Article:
His older brother Boris resigned in July to protest May's Brexit plan - but Boris did so as a staunch support of a hard-line Brexit, while Jo Johnson backed the "remain" side during the June, 2016 referendum.
European Union envoys were reportedly briefed on Friday that there is a mutual understanding of what the review mechanism should look like, as well as convergence on the Irish backstop plan, which would ensure there's no hard border between Northern Ireland and the Republic of Ireland once Brexit is delivered.
"If these negotiations have achieved little else, they have at least united us in fraternal dismay".
Downing Street said last night it would not agree to a second referendum vote under any circumstances and reiterated a promise not to sign the United Kingdom up to any deal which could return a hard border to Northern Ireland.
He described this as "a failure of British statecraft unseen since the Suez crisis" but said even a no-deal Brexit "may well be better than the never-ending purgatory" being put forward by the prime minister.
Unless the government and the European Union intentionally change course, Brexit will happen by force of law on March 29 next year, with or without a deal.
Johnson's criticism underscored the travails that May faces in getting any Brexit divorce deal, which London and Brussels say is 95 percent done, approved by her own fractious party.
"Given that the reality of Brexit has turned out to be so far from what was once promised, the democratic thing to do is to give the public the final say", he added.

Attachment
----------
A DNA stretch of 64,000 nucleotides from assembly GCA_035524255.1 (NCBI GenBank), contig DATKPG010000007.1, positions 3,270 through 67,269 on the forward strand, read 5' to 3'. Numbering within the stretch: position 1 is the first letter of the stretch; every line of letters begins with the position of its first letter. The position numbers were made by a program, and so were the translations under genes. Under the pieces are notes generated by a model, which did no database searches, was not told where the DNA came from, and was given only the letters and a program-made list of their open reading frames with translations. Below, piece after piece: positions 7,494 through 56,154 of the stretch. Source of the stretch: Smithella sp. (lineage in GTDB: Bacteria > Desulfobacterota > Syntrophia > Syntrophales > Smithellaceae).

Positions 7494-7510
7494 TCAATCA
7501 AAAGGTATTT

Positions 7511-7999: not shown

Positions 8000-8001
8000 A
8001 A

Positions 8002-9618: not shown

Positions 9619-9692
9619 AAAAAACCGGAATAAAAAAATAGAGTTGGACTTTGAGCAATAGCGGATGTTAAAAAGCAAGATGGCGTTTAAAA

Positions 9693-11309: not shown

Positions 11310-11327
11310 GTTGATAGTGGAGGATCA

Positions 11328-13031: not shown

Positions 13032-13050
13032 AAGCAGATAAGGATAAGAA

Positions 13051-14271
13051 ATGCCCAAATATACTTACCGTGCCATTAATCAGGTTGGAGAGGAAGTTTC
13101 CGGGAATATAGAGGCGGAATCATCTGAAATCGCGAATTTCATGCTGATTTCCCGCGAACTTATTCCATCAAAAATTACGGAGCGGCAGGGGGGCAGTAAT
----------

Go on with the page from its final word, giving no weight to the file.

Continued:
Mr Johnson said his role as transport minister had caused him concern about the impact of a no-deal outcome.
"My loyalty to my party is undimmed", Johnson added.
As campaigners step up pressure on the government calling for the public to be given another say on Brexit, the opposition Labour Party leader Jeremy Corbyn dashed campaigners' hopes he could back another referendum. "But my duty to my constituents and our great nation has forced me to act".
The MP for Orpington, who left his post as Transport Minister on Friday, said that those in government will be "reflecting hard" about whether or not to follow in his footsteps.
"Brexit has divided the country".
"The referendum in 2016 was the biggest democratic exercise in this country's history", the spokesman said. "We know a General Election is their first choice, question becomes what is their second choice - exit or referendum".
But now there are fears more high profile ministers could follow the Johnson brothers out of the door.
A senior source in the People's Vote campaign told Business Insider last week that up to three Conservative MPs would declare support for another referendum this month.